Training departments’ self-loathing and Supplication

I wish we could grow some _ _ _ _ _!

I have this recurrring nightmare that I’m on a team where everyone else defers to the dominant individual in the group rather than offering forth their own opinions, but then again I also have this dream that I’m escorted into a room with two men from HR dressed in clown outfits who then cheerfully let me know that I’ve been laid off.

However, I work in the training field in a large engineering-based corporation. Both dreams at some point are bound to become reality.  I’ve observed this rather unsettling tendency of training organizations within our company to agree completely with the needs of the customer and give them exactly what they want or feel comfortable with in terms of training interventions. In our case, this often takes the form of printable hand-outs, job aids, powerpoint slides, linear simulations (when the process being trained is not linear).  

In my experience here, proposals to use training solutions  that are slightly new and out of the ordinary are usually rejected, especially if they require a little more resources and more time, thinking and involvement from the organizations and trainees. Their expectation often is that “Training will teach them exactly how to do something,” and not how to work with the tool  or process or effectively make decisions on how to troubleshoot.  The are more interested in having tangible items like a job aid or desktop manual rather than being taught “how to fish on their own.”

More, good training requires detailed information and interviews of subject matter experts on the process.  This requires time that SAP developers, and project members often are not willing to give.  Time is always an issue. If they even decide that they can afford the luxury of even having training, training usually gets the table scraps of time and resources.

And I can only think that they (THEY = the project team, the application developers, the business analysts, the content experts, the stakeholders) believe the following about training:

  • Training is so simple to develop, anyone who can draft up a step action table can develop training
  • Training is an afterthought that happens after we crank out the design, so the time needed to give to training is expendable when it comes to dealing with problems in the design*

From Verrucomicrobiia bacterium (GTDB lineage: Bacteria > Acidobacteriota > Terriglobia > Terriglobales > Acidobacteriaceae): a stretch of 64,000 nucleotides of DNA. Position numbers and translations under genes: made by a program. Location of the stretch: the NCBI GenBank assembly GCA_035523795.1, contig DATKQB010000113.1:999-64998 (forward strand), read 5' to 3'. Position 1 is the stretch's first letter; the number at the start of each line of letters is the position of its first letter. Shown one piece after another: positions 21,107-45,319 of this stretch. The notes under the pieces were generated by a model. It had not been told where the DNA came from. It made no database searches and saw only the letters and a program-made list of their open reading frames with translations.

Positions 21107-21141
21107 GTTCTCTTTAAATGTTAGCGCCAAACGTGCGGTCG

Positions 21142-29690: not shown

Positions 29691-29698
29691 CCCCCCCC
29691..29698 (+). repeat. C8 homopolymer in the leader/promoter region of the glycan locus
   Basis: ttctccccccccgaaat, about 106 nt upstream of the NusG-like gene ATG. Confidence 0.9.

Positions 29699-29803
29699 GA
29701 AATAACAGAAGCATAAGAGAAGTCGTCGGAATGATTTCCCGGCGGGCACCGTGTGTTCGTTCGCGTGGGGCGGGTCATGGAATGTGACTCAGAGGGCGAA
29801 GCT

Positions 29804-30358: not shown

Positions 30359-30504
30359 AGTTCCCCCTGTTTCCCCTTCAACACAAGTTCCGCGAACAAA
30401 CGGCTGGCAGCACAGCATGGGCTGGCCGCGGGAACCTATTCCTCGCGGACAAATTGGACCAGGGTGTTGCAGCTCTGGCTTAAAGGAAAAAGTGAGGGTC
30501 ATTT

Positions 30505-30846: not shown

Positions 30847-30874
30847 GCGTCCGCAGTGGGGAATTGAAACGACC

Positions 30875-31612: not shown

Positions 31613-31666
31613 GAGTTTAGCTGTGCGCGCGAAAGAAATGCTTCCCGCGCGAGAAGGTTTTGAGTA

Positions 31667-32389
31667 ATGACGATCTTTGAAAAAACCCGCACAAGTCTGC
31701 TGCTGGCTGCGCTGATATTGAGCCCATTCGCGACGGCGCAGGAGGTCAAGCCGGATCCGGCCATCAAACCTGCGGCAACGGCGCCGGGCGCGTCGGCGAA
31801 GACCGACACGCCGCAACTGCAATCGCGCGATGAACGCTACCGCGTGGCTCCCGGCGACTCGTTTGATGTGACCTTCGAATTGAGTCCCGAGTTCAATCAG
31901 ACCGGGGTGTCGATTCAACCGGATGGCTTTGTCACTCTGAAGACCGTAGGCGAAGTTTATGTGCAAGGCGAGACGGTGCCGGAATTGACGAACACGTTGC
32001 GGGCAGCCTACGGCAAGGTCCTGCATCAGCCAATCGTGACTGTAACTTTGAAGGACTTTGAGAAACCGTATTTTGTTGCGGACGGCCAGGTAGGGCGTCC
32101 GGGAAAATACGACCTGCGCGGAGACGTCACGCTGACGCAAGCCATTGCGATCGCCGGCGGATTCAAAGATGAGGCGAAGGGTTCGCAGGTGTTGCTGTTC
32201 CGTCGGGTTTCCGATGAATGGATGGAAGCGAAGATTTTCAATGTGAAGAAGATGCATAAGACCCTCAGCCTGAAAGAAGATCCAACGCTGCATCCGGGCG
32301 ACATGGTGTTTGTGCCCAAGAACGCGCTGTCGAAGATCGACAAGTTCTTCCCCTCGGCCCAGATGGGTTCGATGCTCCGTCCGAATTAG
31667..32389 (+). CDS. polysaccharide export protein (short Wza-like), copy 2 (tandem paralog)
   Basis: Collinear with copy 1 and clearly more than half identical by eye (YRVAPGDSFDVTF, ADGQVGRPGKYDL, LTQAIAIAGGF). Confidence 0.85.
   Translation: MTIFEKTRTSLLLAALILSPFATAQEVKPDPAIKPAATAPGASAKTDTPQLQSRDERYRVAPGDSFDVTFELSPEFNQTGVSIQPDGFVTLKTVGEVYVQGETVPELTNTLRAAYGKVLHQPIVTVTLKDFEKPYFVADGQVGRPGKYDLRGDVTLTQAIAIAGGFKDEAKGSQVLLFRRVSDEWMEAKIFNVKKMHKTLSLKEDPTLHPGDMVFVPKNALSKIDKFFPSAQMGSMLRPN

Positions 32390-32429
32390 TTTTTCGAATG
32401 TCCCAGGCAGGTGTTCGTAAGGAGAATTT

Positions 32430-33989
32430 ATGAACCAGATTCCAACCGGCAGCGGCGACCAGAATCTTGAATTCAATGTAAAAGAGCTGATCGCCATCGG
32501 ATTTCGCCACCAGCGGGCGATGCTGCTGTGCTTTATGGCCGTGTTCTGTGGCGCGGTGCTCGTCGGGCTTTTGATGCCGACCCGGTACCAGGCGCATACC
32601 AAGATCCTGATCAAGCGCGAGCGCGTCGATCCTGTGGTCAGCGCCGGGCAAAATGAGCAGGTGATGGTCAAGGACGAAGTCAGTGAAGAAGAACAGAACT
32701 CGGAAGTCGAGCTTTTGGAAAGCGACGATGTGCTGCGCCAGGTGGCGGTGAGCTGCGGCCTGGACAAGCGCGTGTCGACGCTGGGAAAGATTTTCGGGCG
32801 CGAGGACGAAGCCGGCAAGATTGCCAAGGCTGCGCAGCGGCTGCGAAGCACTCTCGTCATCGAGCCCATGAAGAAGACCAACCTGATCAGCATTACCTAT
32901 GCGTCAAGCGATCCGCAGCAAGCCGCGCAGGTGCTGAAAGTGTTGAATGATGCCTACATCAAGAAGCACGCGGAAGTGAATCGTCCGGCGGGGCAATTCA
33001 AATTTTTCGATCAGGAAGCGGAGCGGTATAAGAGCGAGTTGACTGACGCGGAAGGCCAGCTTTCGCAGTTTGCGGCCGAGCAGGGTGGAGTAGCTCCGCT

• Training isn’t that important, it’s the application
  • Yet at the same time…. training can be used to mitigate the flaws in the design (!@%$!)

*Which in my opinion is why they should heed the suggestions of the HFE (Human Factors Engineer)

But in all honestly, I feel that we here within haven’t truly put forward a good case for what these folks are missing when it comes to understanding the importance of good training. We tend to bend over backwards to give them what they want because we don’t want to be perceived as difficult, uslessless and therefore targets for downsizing by clowns.

Part of me believes that this is a vicious cycle, and we’re (Training) acting out a self-fulfilling prophesy around our lack of perception around our true value. Maybe it’s me, but instinctively it seems wrong to let others outside of yourself define your value, because that’s the first step to them assessing that you have none.

Earlier this year at a conference, I heard a very brave individual speak up and suggest that perhaps training groups need to take a stand and show their customers what happens when they don’t intervene…sort of like going on strike… but it’s kind of hard to refuse the demands of your patrons when they hold the pursestrings of your existence wound tightly around their hands. 

I’m going to start with coming up with a presentation that illustrates what happens if you skimp on training and point out some historical examples. It’s a start at least.

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